Whenever folks try to rehabilitate Andrew Sullivan, he is quick to remind us why he is so detestable.
As for the “science” of the Bell Curve, see this:
''The Bell Curve'' inflamed readers when it was published three years ago by arguing that economic and social success in America had become largely a matter of genes, not education, environment or other factors over which society might exert control. The chilling genes-are-destiny thesis, laced with racial overtones, was greeted with furious criticism. But much of the initial criticism was ill informed and driven by ideology.
It could hardly have been otherwise. The book's authors, Richard Herrnstein and Charles Murray, did not release their statistical findings — the only important original contributions in the book — for formal review by scholars before publication. Their runaround obstructed response by other social scientists, who needed time to appraise hundreds of pages of statistical analysis. Now, three years later, scholars have caught up, shattering the book's core claims.
. . . [T]he book's evidence is riddled with mistakes. Two stand out.
The first error flows from biased statistics. The book tries to determine whether I.Q. or family background is a better predictor of success. I.Q. is easily measured. But family background is not. The authors' simplistic index incorporates parental income, education and job prestige, but leaves out numerous components of a child's upbringing.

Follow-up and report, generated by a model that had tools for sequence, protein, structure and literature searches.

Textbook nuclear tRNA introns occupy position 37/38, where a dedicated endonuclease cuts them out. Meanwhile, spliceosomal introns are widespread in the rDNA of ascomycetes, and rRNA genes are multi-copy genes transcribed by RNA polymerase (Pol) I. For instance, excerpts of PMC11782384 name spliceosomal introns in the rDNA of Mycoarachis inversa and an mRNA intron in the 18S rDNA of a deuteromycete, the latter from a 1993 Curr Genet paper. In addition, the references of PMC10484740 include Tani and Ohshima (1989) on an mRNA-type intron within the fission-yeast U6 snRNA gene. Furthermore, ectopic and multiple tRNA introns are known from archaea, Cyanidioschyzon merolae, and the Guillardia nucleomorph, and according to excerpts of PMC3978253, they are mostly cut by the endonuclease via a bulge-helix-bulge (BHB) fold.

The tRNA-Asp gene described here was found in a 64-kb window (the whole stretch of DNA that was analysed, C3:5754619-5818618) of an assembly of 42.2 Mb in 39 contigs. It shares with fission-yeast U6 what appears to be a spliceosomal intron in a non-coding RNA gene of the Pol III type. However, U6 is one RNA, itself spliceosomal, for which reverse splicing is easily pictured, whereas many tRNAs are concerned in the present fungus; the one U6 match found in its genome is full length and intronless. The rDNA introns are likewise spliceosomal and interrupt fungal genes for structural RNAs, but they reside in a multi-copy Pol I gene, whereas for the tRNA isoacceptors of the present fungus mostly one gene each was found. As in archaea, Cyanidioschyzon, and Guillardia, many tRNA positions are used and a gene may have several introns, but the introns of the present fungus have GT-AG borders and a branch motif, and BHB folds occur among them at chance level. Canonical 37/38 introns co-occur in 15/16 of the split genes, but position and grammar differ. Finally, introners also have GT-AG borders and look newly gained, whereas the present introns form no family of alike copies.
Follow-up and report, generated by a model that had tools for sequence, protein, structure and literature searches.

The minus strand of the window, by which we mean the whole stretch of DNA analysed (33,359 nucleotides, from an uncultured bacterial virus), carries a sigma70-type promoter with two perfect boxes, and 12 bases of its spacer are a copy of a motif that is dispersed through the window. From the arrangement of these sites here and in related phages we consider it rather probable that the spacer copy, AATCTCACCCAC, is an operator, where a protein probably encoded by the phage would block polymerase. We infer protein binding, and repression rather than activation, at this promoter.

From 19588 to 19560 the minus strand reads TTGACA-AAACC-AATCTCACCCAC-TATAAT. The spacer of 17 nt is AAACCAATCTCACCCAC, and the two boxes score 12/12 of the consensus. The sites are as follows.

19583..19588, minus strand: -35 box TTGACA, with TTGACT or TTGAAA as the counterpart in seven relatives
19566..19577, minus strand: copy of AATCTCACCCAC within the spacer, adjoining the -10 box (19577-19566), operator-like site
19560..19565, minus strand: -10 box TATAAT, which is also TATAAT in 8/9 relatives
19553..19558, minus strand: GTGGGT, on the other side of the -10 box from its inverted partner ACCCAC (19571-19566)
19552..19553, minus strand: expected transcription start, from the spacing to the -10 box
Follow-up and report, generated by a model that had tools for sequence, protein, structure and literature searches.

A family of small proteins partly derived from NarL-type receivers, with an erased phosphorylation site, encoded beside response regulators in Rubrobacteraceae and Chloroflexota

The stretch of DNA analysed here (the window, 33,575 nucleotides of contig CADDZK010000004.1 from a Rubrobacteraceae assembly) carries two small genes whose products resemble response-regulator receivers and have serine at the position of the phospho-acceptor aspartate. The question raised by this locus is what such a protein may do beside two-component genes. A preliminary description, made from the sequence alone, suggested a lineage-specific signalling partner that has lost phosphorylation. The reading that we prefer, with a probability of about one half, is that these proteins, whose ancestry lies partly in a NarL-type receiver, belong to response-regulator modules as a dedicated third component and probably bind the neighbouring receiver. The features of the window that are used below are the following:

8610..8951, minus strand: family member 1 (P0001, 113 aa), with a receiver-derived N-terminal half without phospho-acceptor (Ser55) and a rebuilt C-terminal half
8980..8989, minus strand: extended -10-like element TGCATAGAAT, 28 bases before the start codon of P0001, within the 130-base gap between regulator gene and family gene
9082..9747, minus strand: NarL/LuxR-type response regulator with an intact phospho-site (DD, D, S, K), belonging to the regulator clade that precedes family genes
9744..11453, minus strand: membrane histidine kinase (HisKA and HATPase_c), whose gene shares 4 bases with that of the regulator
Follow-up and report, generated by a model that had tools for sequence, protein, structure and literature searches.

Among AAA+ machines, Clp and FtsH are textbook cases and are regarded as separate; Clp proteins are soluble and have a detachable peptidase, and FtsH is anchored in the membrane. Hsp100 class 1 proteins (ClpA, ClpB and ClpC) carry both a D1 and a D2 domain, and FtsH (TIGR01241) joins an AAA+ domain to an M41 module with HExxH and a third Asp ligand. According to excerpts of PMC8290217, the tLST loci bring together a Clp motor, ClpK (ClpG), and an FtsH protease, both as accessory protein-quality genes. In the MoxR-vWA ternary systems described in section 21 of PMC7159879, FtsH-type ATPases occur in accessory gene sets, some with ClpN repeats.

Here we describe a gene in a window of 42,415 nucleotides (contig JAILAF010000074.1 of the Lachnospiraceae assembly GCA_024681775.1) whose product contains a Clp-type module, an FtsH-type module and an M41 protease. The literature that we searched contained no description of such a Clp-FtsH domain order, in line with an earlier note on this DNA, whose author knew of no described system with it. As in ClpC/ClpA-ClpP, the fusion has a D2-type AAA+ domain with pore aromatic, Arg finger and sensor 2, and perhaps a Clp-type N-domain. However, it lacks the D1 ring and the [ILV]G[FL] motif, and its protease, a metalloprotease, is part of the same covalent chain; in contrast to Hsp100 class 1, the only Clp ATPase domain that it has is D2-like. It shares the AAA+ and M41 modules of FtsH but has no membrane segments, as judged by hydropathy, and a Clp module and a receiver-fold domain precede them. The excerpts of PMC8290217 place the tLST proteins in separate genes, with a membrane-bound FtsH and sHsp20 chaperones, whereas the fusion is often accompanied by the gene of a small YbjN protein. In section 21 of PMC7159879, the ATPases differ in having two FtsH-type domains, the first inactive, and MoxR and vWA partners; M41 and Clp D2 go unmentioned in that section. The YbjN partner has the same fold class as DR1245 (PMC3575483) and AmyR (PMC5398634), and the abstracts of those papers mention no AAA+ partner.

That creates a statistical mirage, or bias, because statistical tests inevitably underestimate the impact of factors that are hard to measure. Mistakes in measuring family background obliterate the ability of statisticians to detect its impact on future success. Thus, as James Heckman of the University of Chicago has convincingly argued, the book's finding that family background is a weak precursor of success reflects its biased methods rather than the workings of American society.
Also compelling is evidence about the second notable error — that the authors' measure of intelligence is by no means immutable, as their thesis requires. Prof. Derek Neal of the University of Chicago and Prof. William Johnson of the University of Virginia have shown that scores on the measurement used by Mr. Herrnstein and Mr. Murray, the Armed Forces Qualification Test, depend on how much schooling individuals have completed. Put simply, the more students study in school, the better they do on the test. So what the authors call immutable intelligence turns out to be what others call skills — indeed, teachable skills.
This mistake turns the message of the book on its head. Instead of its sighing surrender to supposed genetic destiny for poor children, there's a corrected message: Teach them.
Andrew Sullivan remains a shameful figure in our public discourse.